Red Dress Waali Ladki demands to be held in generous, capacious headspaces, unafraid perhaps of what kind of associations it may bring about, or what kind of searing trace it may leave. Holding, witnessing and sharing space with Diya Naidu, who conceptualized and performed this piece, is not a disembodied participation – one enters the space, but exits changed in some many ways. The show I had been to was on the 23rd of February 2020, just a couple of weeks before the pandemic subsumed living rhythms across the world. It was perhaps one of Naidu’s last performances in Bengaluru as well, right before her months long battle with the virus and this I find, is a sobering thought – that one may have shared one of the few momentous senses communis1 (of a sensorium holding folks together even when apart) before performance (as we have come to know it since) has changed irrevocably.
Reflecting on the looming contagion, climate crisis and rising tempers of fundamentalism across the globe, taking cognizance of a ‘slow violence’ would aid in foregrounding a feminist geopolitics that is called upon in this piece. As Nixon says of slow violence,
[it is] a violence that occurs gradually and out of sight, a violence of delayed destruction that is dispersed across time and space, an attritional violence that is typically not viewed as violence at all.2
How does this link to Red Dress Waali Ladki? In the artiste’s own words: Red Dress Waali Ladki was born out of the artist’s response to the brutal crimes against women in India. Through the research and introspection that went into making the work, she decided to talk about the layered, subtle experience of the woman, who is seemingly liberated but constantly carries fear in her body. Where does this patriarchal penetration locate itself? If her rape is my rape, can my bliss be hers too? Can the men be invited as equals into this?… These are the questions the work raises.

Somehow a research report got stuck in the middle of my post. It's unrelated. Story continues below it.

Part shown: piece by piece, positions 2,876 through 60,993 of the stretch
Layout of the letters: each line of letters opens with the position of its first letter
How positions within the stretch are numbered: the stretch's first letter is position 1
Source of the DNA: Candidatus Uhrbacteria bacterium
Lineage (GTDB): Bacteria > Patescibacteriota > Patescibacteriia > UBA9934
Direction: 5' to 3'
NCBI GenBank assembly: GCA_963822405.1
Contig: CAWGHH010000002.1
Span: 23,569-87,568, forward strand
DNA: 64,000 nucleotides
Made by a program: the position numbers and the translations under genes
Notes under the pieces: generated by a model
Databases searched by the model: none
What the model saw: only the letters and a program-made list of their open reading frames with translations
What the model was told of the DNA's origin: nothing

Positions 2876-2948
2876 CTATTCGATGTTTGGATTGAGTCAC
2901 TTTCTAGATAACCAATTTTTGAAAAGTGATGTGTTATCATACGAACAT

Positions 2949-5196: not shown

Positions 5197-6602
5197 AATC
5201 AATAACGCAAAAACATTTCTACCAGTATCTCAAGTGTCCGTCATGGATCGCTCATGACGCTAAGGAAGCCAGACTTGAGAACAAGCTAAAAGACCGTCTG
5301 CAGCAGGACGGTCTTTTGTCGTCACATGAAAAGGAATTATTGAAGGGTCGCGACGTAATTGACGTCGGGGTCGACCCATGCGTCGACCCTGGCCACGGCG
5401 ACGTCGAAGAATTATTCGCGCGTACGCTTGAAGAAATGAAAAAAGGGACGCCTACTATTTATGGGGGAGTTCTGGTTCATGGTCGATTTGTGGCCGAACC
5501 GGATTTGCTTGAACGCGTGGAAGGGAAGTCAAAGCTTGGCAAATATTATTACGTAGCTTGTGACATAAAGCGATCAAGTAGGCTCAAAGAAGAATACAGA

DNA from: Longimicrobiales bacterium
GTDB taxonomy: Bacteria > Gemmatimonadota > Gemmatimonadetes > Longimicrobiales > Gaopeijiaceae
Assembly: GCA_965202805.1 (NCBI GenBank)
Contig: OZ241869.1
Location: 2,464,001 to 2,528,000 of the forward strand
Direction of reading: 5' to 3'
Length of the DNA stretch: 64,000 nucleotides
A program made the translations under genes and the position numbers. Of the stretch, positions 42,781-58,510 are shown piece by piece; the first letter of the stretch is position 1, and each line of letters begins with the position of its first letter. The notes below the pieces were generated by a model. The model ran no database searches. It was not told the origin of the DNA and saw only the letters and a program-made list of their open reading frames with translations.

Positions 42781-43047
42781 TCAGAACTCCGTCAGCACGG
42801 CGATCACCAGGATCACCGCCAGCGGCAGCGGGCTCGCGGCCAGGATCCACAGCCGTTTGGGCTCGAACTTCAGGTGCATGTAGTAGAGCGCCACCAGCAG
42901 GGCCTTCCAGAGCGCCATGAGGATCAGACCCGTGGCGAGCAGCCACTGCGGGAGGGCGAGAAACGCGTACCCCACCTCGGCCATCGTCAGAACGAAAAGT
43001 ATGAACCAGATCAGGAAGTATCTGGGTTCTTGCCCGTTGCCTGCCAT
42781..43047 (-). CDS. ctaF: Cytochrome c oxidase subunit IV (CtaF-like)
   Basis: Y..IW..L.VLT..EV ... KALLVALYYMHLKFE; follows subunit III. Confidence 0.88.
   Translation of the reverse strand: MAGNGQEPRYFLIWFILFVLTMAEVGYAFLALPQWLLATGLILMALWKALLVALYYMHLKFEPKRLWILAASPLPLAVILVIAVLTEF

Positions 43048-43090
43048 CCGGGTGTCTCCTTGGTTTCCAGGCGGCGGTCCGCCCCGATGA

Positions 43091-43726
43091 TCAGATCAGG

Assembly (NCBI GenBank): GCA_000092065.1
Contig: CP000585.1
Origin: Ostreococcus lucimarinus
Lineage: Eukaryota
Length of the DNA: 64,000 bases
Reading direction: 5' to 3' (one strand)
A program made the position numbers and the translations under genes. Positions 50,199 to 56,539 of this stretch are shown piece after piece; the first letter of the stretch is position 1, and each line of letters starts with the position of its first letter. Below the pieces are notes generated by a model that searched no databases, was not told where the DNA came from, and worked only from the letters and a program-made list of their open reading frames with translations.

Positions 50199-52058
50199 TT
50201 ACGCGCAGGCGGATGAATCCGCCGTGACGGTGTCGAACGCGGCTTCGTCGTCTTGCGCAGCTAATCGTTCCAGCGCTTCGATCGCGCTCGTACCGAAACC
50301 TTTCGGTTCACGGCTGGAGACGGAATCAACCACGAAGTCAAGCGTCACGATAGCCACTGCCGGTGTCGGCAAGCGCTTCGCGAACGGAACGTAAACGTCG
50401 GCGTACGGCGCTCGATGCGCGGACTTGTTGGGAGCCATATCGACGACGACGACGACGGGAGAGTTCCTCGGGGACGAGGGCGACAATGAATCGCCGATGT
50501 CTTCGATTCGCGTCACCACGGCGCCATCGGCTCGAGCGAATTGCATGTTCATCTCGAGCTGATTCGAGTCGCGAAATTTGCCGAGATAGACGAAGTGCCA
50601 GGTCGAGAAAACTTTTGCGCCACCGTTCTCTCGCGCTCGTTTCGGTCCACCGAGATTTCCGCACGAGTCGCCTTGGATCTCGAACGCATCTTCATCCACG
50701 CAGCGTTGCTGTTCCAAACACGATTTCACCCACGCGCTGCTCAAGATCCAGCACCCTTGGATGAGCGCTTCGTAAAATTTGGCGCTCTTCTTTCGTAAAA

The work is an ongoing (failing) research. Not scientific per se or even just physical. Not even restricted to the laboratory (in this case studio). It will probably never stop. But one can hope. It began in 2014 and now is a non-performance of itself. If you are here to witness, you will in some way carry it.3
The piece is a solo dance-theatre effort. Since first being devised in 2016, the piece has morphed, changed, subtracted and added to its movement, gesture, semiotics and rhythm. Indeed, the kineticization of movement in the piece is something that deserves ample dwelling upon, a non-performance as Naidu has so aptly termed it. The piece holds an intermedial framework – one that straddles contemporary dance, extensive use of voice, breath and theatricality in an interwoven rendition. It is a “sharing”, that throws into light a witnesses’ implication as a neoliberal consumer of sexuality, commodity and gender in a 21st century globalized Indian cityscape.
The poster for the piece as noted in fig. 1 is one that is an episteme of its own, an iteration of an interartistic mediation. In it we see doodles of disconnected, singular body parts: some in red, some in black. Organs dismembered from one another, placed in an absolute discombobulated rhythm – seemingly with no pattern as it were. There is a certain manner with which such an objectification seems exposed as a map – a map of body politic provoking the biological determinism of gender and sex. This is amplified by what we encounter: at the bottom left, we see a part of a torso. Here, the breasts are red whereas the clavicle and the reach of the neck are black – this is the only doodle that holds a dichotomy of colour. On the other hand, the uterus and ovaries are red too. The heart, of course, is emblazoned in red. By this poster, one cannot help but wonder if Naidu seeks to foreground this piece as privileging slow violence experienced only by persons with bleeding bodies. The heart holds a pull to the affective – is that why the breasts, and the uterus are in red? The title of the piece too – Red Dress Waali Ladki (RDWL henceforth) – is in the same colour.